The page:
Can A State Withdraw an Article Five Ratification?

One of the issues surrounding the potential ratification of the Equal Rights Amendment is that a few states tried to repeal their “yes” ratification votes back in the 1970s. Thus, it is not clear how many states have ratified the amendment. If these rescissions are not counted, then the answer is 36. (38 are required.) If they are counted, then it’s less than 36. But should they be counted?

The answer is that Congress is the judge of whether a state ratification is valid.  This was the holding of Coleman v. Miller, a 1939 Supreme Court case. Thus, if the ERA ever gets back before Congress, they can decide how to count or not count state ratification repeals.

It’s worth pointing out, though, that Congress has never recognized the right of a state to withdraw a ratification. When the Fourteenth Amendment was ratified, Congress counted states that had repealed a prior ratification as “yes” votes. The same was true for the Fifteenth Amendment, as New York tried to repeal its vote in favor and was still counted as “yes” in the final tally. Congress is free to reject these precedents, but those are what they are FWIW.  (I’ll have to look into whether other amendments after the first ten involved any ratification repeals.  I don’t think so, but I’m not sure.)

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7 Responses

  1. Joe says:

    It’s possible that an opinion from the 1930s will have limited staying power, of course, or that it was wrongly decided. But, I think the analysis as to the current law is sound. Again, I am not totally gung ho about the current law. fwiw

    The idea of withdrawing, especially if the situation appears to be different (e.g., if Congress actually extended the time limit again), seems to some a sensible idea. But, if it is allowed, we can have changing votes back and forth possibly as legislative control changes. This is quite possible foreseeing a relatively short — let’s say 10 years — period of ratification. This doesn’t seem like an advisable possibility.

    Finally, why exactly should states have the power to have backsies? Once the legislature (or a convention) decides, it provides a formal vote on their judgment. It’s official. It’s possible, I guess, like it is in Congress, to provide a mechanism to have a state change their vote. But, that would be at best a discretionary rule for Congress. In general, once you decide something, you are stuck with it. And, precedent over a 100 years says that as well in this context.

    Under widely accepted understanding of the law, something that long term is given strong recognition, especially if there is no clear reason to change it. It surely isn’t in the text of the Constitution. But, I think Congress probably can decide not to count those who change their vote after all this time. The time passed makes it a special case.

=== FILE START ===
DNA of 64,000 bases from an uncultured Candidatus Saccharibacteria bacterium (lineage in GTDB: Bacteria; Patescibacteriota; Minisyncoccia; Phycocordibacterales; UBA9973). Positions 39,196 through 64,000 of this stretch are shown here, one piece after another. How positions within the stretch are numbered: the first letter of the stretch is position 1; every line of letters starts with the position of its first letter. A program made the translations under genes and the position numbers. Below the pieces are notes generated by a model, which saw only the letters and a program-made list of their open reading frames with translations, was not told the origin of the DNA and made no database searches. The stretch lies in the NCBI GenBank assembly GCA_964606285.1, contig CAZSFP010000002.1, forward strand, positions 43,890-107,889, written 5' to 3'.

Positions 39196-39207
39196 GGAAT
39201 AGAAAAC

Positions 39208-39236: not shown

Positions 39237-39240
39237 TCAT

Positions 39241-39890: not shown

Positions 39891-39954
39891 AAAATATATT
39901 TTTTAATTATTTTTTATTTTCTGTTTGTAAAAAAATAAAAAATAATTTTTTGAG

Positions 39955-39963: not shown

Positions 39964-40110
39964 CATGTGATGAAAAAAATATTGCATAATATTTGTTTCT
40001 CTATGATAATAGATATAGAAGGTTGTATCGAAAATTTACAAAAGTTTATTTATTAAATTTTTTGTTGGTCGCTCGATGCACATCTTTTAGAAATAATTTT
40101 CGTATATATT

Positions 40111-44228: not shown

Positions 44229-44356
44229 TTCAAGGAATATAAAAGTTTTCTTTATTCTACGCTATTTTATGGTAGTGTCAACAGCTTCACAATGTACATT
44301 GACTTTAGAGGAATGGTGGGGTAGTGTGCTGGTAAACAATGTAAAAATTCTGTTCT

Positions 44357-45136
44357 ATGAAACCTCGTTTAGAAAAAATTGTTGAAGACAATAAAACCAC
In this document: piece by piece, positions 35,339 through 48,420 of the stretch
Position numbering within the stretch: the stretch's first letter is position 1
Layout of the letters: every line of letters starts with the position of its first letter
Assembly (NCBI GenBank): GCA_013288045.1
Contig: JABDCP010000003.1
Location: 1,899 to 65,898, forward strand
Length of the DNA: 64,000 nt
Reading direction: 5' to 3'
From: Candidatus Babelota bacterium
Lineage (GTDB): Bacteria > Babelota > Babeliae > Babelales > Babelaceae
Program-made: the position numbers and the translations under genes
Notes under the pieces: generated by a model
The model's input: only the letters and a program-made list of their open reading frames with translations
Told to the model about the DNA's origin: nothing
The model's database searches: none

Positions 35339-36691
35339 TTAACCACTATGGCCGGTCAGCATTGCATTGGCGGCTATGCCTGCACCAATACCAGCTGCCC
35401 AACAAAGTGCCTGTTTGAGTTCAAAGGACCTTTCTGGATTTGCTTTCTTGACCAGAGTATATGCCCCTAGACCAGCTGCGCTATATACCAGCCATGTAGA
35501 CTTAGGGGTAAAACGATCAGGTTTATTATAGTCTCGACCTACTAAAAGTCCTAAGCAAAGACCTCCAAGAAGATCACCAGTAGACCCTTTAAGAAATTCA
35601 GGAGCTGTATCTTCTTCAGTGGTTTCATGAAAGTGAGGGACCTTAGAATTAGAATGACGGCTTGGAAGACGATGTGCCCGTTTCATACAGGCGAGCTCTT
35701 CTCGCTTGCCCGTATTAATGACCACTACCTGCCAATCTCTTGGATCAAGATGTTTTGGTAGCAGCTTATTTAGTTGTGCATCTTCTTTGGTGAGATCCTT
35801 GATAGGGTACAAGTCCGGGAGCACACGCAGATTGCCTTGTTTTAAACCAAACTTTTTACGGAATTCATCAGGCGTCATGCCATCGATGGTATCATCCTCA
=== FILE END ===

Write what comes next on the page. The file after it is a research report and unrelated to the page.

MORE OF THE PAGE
2. Rich says:

    Actually, I believe it requires 38 states, not 37.

  3. Rich says:

    I believe it requires 38 states, not 37.

  4. Gerard Magliocca says:

    Yes, sorry. I meant 36 approvals with 38 required. I will fix the post.

  5. Mike Stern says:

    So there are multiple possible scenarios here: (1) 38 states ratify the ERA (disregarding rescissions) without any congressional action extending the deadline; Archivist either publishes the amendment or informs Congress of the ratification; Congress does nothing; (2) same as 1 except Congress adopts resolution declaring the amendment ratified; (3) same as 1 except neither Congress nor Archivist do anything; (4) Congress extends the deadline but says nothing about rescissions; thereafter the remaining needed states (disregarding rescissions) ratify; Archivist acts but Congress doesn’t; (5) same as 4 but Archivist doesn’t do anything; (6) same as 4 except Congress adopts resolution declaring the amendment ratified.

    It also may make a difference whether the legal dispute regarding the validity of ratification arises in a subsequent litigation where one party claims the ERA is now part of the Constitution, rather than in a case like Coleman, where there was no claim that the amendment ratification process was completed.

    There are already substantial uncertainties regarding the proper interpretation, application and precedential weight of Coleman. http://www.pointoforder.com/2016/09/16/coleman-v-miller-and-the-political-question-doctrine/ These will be magnified to a greater or lesser degree depending on the scenario in which these issues arise.

  6. Brett Bellmore says:

    In addition to the states that rescinded their ratifications by separate action, a number of the originally ratifying states for the ERA stated in their ratification resolutions that the ratification expired at the (original) deadline. I think you should count those among the recessions, the number stands at considerably more than 5.